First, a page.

The book is filled with so much that inspires and helps me, but the passages that stood out as I thought about you all and this weekend the most were his thoughts on how to approach a race.
Bingham says he never tries to run a race as fast as possible; instead, he likes to slow down, to enjoy the moment for as long as he can:
“I do not stand in judgment of those who see every race as the moral equivalent of war. There are times when testing my own limits is important. There are times when finding out whether my training is working or whether I can still feel the pleasure that comes from giving a total effort is important, even necessary.
I am saying that there is another way to look at the time it takes to run a race. Oddly enough and much to my surprise, I began to have better times as I concentrated more on having a good time.”
Why do this? Why slow down? I think it’s because Bingham knows what we all know, deep down inside — that this moment can’t last for very long, so he wants to get as much out of it as possible:
“Running teaches us to truly enjoy the moment — to find the happiness that eluded us in the past, the happiness that may not be there in the future — and to concentrate on living in this time of our lives. If we’re honest most of us will find, in looking back, that there isn’t much to which we want to return. And looking forward is still like staring into the abyss.
Running teaches us that the only time we have is now. The moments that we don’t enjoy are lost forever. The smile you miss on a young volunteer’s face will never be there again. The opportunity to finish someone’s first race with them will only happen once. You must learn to recognize these moments as they are happening, not an hour or a week later.
As you get better at seeing the moment you’re in, you’ll find that you can stop waiting for the good times to roll. You’ll find that you’re content to let time march on. And through your running, you will have learned that having the time of your life is often as simple as giving in to the joy of the moment.”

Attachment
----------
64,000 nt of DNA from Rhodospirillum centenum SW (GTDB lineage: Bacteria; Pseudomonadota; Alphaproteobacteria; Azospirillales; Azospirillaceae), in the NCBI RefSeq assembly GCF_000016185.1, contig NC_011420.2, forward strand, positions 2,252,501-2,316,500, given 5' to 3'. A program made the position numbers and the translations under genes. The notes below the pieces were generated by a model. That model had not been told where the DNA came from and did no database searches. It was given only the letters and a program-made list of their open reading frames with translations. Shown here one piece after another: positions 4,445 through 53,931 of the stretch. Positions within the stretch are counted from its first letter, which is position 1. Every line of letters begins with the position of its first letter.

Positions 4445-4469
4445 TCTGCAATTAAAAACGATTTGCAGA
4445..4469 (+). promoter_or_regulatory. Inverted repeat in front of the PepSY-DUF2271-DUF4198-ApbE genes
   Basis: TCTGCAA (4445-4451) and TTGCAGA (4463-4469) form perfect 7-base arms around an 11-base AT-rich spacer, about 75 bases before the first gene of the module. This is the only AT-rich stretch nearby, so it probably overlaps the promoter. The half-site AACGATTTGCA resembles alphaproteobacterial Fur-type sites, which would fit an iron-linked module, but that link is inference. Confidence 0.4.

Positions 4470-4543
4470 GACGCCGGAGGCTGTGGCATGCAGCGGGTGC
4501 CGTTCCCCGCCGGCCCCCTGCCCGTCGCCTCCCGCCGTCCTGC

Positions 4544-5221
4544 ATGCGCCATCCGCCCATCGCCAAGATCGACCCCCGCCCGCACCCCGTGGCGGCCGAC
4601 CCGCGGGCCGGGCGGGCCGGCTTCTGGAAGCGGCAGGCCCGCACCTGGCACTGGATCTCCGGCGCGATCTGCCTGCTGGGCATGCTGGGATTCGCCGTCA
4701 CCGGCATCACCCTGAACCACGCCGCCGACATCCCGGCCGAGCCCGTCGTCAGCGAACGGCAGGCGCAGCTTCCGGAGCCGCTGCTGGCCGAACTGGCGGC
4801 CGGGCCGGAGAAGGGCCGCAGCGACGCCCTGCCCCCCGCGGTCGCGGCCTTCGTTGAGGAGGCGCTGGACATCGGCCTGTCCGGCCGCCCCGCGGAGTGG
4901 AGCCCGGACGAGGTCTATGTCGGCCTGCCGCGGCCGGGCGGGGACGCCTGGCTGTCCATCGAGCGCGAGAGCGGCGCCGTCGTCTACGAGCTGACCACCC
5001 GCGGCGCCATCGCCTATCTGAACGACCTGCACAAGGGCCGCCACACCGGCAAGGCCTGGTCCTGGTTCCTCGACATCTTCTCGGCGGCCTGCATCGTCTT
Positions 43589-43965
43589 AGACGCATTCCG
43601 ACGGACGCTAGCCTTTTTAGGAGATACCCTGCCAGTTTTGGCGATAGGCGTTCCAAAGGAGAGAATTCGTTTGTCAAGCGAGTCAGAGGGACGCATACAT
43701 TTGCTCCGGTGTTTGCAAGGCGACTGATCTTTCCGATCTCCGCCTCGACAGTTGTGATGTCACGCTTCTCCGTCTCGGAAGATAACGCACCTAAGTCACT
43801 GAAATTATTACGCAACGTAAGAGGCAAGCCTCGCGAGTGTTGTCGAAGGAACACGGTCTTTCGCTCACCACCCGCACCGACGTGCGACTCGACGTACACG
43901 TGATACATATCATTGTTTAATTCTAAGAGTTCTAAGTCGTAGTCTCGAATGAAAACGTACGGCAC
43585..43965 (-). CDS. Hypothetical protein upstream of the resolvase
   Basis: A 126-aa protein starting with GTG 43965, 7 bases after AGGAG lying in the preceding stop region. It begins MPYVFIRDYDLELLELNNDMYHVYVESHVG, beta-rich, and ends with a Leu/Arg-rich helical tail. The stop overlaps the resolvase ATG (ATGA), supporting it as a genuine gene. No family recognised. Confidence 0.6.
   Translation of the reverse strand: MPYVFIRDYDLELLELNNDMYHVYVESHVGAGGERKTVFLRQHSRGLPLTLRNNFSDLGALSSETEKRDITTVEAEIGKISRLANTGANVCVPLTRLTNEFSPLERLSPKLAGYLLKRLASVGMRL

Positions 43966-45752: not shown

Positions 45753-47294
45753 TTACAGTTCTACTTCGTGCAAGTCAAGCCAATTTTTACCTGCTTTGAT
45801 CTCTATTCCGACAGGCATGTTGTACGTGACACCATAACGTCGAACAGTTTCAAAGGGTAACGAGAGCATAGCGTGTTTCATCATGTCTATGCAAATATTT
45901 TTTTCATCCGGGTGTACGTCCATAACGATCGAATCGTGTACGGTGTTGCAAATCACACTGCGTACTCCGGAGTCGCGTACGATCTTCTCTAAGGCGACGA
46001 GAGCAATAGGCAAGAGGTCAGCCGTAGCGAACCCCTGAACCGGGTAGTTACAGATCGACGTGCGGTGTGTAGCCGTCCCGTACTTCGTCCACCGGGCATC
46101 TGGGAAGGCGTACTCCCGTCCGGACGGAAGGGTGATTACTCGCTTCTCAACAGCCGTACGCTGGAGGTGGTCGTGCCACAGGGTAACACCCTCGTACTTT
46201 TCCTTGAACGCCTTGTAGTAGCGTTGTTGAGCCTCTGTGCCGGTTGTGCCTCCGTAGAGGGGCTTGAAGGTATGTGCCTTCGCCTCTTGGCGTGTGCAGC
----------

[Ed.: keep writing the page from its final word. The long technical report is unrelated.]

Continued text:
This weekend, I hope you have an amazing run — one you’ll remember for the rest of your life, even. If you’re planning on running your half marathon this weekend, share it in the comments along with where you plan to run yours.
I always love hearing where you all are in the world — and if you’re not running 13.1 this weekend, feel free to share too.
P.S.: After this week, I’ll be taking a break from publishing for the next couple of weeks. Not for any reason other than I need a brief break, and some time to go away and dream up what’s next for The Half Marathoner. (If you have any ideas, I’d love to hear them!) I’ll see you again in late May 👍
Our training plan for this week
Everything we’ve been working for over the past few weeks, all the miles you’ve put in — it’s all for this weekend. Are you excited?
Here’s our mileage for this week:
Thursday, May 5 — 4-5 miles
Saturday, May 7 — 13.1 miles (!)
Sunday, May 8 — Some well-deserved rest 😃
Be sure to let me know how your 13.1 miles go this weekend — in reply back to this email, or we might even host a discussion thread on Saturday or Sunday. Stay tuned!
Something I loved
My friend Nishant Jain, a fellow Substack newsletter author who draws the amazing SneakyArt Post, went to the starting line of this weekend’s Vancouver Marathon to capture what the runners looked like at the start of the race:
Nishant is a runner too, and shares that “running is a blessed alone time for me”:
“The steady rhythm of physical movement puts me in a state of flow. The rigours of the long run shrink the scope of my thoughts, anxieties, and worries — indeed, the scope of my world — to only the essential concerns. I think about my next breath. I think about the next step. I think about the next bend at the horizon. I think about the sound of my steps syncing with the cycle of the wind and the lapping of waves.”
You can check out his full post, with lots more of his drawings of the marathon, here: